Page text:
Key Performance Indicator (KPI) visuals
A Key Performance Indicator (KPI) is a visual cue that communicates the amount of progress made toward a measurable goal. For more about KPIs, see Key Performance Indicators (KPIs) in PowerPivot.
Watch Will show you how to create single metric visuals: gauges, cards, and KPIs.
When to use a KPI
KPIs are a great choice:
To measure progress. Answers the question, "What am I ahead or behind on?"
To measure distance to a goal. Answers the question, "How far ahead or behind am I?"
A designer bases a KPI visual on a specific measure. The intention of the KPI is to help you evaluate the current value and status of a metric against a defined target. A KPI visual requires a base measure that evaluates to a value, a target measure or value, and a threshold or goal.
A KPI dataset needs to contain goal values for a KPI. If your dataset doesn't contain goal values, you can create them by adding an Excel sheet with goals to your data model or PBIX file.
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How to create a KPI
To follow along, open the Retail Analysis .PBIX file in Power BI Desktop. You'll create a KPI that measures the progress you've made toward a sales goal.
Open the Retail Analysis Sample in report view .
Select to add a new page.
From the Fields pane, select Sales > Total Units This Year. This value will be the indicator.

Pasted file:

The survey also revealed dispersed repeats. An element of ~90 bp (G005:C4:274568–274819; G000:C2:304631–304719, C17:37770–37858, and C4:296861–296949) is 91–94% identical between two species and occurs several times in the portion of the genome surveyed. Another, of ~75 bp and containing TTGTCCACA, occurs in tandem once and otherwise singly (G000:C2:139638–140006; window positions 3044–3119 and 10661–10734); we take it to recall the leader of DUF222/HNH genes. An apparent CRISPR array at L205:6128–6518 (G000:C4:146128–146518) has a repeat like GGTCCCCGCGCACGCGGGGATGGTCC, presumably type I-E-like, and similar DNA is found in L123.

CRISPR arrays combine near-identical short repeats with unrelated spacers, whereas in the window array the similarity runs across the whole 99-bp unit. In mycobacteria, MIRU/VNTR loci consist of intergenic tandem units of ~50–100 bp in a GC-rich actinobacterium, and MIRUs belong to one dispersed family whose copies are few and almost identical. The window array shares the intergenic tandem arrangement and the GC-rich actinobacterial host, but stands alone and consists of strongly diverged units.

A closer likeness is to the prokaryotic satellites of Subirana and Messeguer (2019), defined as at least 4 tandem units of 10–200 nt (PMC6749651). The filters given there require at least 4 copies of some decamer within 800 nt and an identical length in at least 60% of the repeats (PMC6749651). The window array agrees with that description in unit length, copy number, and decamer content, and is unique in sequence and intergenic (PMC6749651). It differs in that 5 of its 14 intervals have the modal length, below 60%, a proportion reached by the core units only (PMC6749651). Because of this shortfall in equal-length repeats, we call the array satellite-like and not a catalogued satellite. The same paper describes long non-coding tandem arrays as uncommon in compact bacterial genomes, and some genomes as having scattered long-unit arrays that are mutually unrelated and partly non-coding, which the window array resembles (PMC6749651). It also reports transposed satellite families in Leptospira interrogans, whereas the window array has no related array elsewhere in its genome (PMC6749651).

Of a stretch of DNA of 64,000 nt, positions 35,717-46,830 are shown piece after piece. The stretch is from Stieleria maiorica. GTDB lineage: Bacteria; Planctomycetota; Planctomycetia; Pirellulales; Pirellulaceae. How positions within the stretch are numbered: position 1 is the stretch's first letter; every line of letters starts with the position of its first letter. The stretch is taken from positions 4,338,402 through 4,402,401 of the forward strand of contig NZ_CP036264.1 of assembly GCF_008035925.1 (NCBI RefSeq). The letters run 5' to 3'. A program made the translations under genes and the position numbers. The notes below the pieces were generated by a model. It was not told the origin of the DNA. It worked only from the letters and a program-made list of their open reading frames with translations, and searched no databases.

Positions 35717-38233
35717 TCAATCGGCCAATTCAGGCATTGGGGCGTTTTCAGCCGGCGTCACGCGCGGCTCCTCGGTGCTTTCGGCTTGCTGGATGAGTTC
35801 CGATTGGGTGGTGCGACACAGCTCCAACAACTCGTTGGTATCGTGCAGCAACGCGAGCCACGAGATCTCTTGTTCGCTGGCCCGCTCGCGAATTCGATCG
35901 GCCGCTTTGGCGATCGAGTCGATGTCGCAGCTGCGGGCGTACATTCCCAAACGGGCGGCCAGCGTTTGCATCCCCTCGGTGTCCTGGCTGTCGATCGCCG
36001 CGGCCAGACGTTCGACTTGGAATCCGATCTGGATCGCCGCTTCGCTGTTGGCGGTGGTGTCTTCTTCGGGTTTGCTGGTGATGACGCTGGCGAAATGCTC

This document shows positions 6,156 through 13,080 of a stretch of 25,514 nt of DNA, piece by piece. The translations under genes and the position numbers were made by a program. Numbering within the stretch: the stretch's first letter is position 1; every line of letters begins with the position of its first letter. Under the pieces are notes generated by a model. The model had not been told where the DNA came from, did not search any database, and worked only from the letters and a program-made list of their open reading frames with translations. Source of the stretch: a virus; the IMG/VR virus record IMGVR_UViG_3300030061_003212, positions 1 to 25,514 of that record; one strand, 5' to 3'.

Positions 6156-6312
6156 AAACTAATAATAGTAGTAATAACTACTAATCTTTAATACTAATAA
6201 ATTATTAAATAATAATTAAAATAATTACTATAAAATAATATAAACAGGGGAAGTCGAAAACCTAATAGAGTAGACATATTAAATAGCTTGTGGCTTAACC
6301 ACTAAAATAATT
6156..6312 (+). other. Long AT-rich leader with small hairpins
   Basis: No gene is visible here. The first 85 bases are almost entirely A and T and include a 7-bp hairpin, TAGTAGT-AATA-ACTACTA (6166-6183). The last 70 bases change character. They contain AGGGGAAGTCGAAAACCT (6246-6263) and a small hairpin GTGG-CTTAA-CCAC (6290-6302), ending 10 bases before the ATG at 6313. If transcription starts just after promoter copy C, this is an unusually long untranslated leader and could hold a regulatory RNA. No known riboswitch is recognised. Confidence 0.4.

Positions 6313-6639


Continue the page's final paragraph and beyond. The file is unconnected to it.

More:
Add Time > FiscalMonth. This value will represent the trend.
In the upper-right corner of the visual, select the ellipsis and check that Power BI sorted the columns in ascending order by FiscalMonth.
Once you convert the visualization to a KPI, there's no option to sort. You must sort it correctly now.
Once sorted correctly, your visual will look like this:
Convert the visual to a KPI by selecting the KPI icon from the Visualization pane.
To add a goal, drag Total Units Last Year to the Target goals field.
Optionally, format the KPI by selecting the paint roller icon to open the Formatting pane.
Indicator - controls the indicator’s display units and decimal places.
Trend axis - when set to On, the visual shows the trend axis as the background of the KPI visual.
Goals - when set to On, the visual shows the goal and the distance from the goal as a percentage.
Color coding > Direction - people consider some KPIs better for higher values and consider some better for lower values. For example, earnings versus wait time. Typically a higher value of earnings is better versus a higher value of wait time. Select high is good and, optionally, change the color settings.
KPIs are also available in the Power BI service and on your mobile devices. It gives you the option to be always connected to your business's heartbeat.
Considerations and troubleshooting
If your KPI doesn't look like the one above, it may be because you didn't sort by FiscalMonth. KPIs don't have a sort option. You'll need to start again and sort by FiscalMonth before you convert your visualization to a KPI.
More questions? Try the Power BI Community